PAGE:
The following is one of several Collegeside member profiles written by Donna Smith over a period of several years. They tell the personal stories of some of our long-time members, some of whom are living and some of whom have gone on to be with their Lord. Their personal stories are an important part of the historical fabric of Collegeside.
Bill O’Neal’s 42 years with the U.S. Army Corps of Engineers began when a friend of his dad’s asked, “Why don’t you quit running all over the country with your job and come down here and help me build Center Hill Dam?”
“So I did,” remembers Bill. Thus began a career as resource manager for Corps of Engineers dams, including Center Hill, Cordell Hull, Dale Hollow, and Wolf Creek. Bill still talks about working seven days a week to get Center Hill Dam completed by 1948. He was in charge of all government-furnished materials for the construction, and he daily climbed to the top and inspected the 28 concrete monoliths as they grew 5 or 6 feet a day.
His former job with Goodrich Rubber Company had required too much travel, but it did bring him to Cookeville. And Cookeville was where he met Aline, his wife for 49 years until her death in 1989.
Bill remembers first seeing Aline at the old Gulf filling station on the square. The two were married just one month before he was drafted for service in the Pacific in WWII. While Bill was in Manila, Aline managed her stockyard in Algood.
Bill and Aline were involved in both the old Broad Street Church of Christ and the beginning of Collegeside when it was established to be close to the students at TTU. He served many years as head of Building and Grounds for the church property. Bill has many pleasant memories of Collegeside, including the weddings of his two daughters, Betty and Peggy. He now has five grandchildren and three great grandchildren.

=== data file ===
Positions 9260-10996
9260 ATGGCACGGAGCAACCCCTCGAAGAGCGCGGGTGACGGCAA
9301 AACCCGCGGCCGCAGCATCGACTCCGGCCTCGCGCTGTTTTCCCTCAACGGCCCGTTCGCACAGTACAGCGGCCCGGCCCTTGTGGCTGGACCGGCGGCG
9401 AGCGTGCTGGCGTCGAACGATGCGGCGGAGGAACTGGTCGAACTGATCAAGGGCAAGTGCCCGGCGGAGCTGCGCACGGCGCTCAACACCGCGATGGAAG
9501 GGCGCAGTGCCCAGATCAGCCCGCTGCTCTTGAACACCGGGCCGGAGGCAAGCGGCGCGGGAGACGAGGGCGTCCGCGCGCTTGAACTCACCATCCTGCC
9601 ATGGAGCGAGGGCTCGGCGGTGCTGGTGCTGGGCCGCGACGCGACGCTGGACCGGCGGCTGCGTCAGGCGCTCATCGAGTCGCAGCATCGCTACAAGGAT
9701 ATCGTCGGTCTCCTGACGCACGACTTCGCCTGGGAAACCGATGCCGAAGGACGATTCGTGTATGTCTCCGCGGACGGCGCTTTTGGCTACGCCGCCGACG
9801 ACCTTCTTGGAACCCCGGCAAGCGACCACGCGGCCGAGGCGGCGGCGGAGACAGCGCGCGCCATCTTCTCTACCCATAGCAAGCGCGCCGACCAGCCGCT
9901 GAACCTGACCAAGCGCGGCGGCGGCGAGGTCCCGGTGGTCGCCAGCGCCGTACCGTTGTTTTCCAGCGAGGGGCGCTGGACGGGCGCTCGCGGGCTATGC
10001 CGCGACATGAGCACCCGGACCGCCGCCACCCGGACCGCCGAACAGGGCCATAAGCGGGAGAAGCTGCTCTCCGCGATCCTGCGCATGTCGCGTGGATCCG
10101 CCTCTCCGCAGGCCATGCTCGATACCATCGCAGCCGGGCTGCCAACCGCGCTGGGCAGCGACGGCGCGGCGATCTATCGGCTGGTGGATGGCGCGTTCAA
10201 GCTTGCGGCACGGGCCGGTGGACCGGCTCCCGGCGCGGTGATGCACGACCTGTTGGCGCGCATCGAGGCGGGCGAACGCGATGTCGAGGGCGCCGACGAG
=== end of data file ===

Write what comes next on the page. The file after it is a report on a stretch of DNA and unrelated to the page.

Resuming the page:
Bill’s grandfather was a doctor in Giles County, where Bill grew up with his three brothers and one sister. The family also spent some time in St. Petersburg, Florida, while his father worked as a contractor during the Depression years.
Bill served as Commander of the National Guard Unit in the Cookeville area and retired as a Lieutenant Colonel. The treasured family photos covering walls and shelves of his den share space with the many citations, both military and civilian, that have been awarded to Bill O’Neal for a lifetime of service.
His sister, Marjorie Miller, remembers hearing that Bill was an officer who could call you in and chew you out royally and never use a word of profanity. When Marjorie’s husband, who was Adjutant General of Oregon at the time, died suddenly, Bill was there for her. She remembers another tribute paid to Bill during that time: When the first lady of Oregon met Bill, she said that at last she had met a real Southern Gentleman.
When asked what advice he would give young people, Bill said, “Go to church and behave yourself!”
Be sure to wish him a happy birthday on June 5. He will be 90 years old!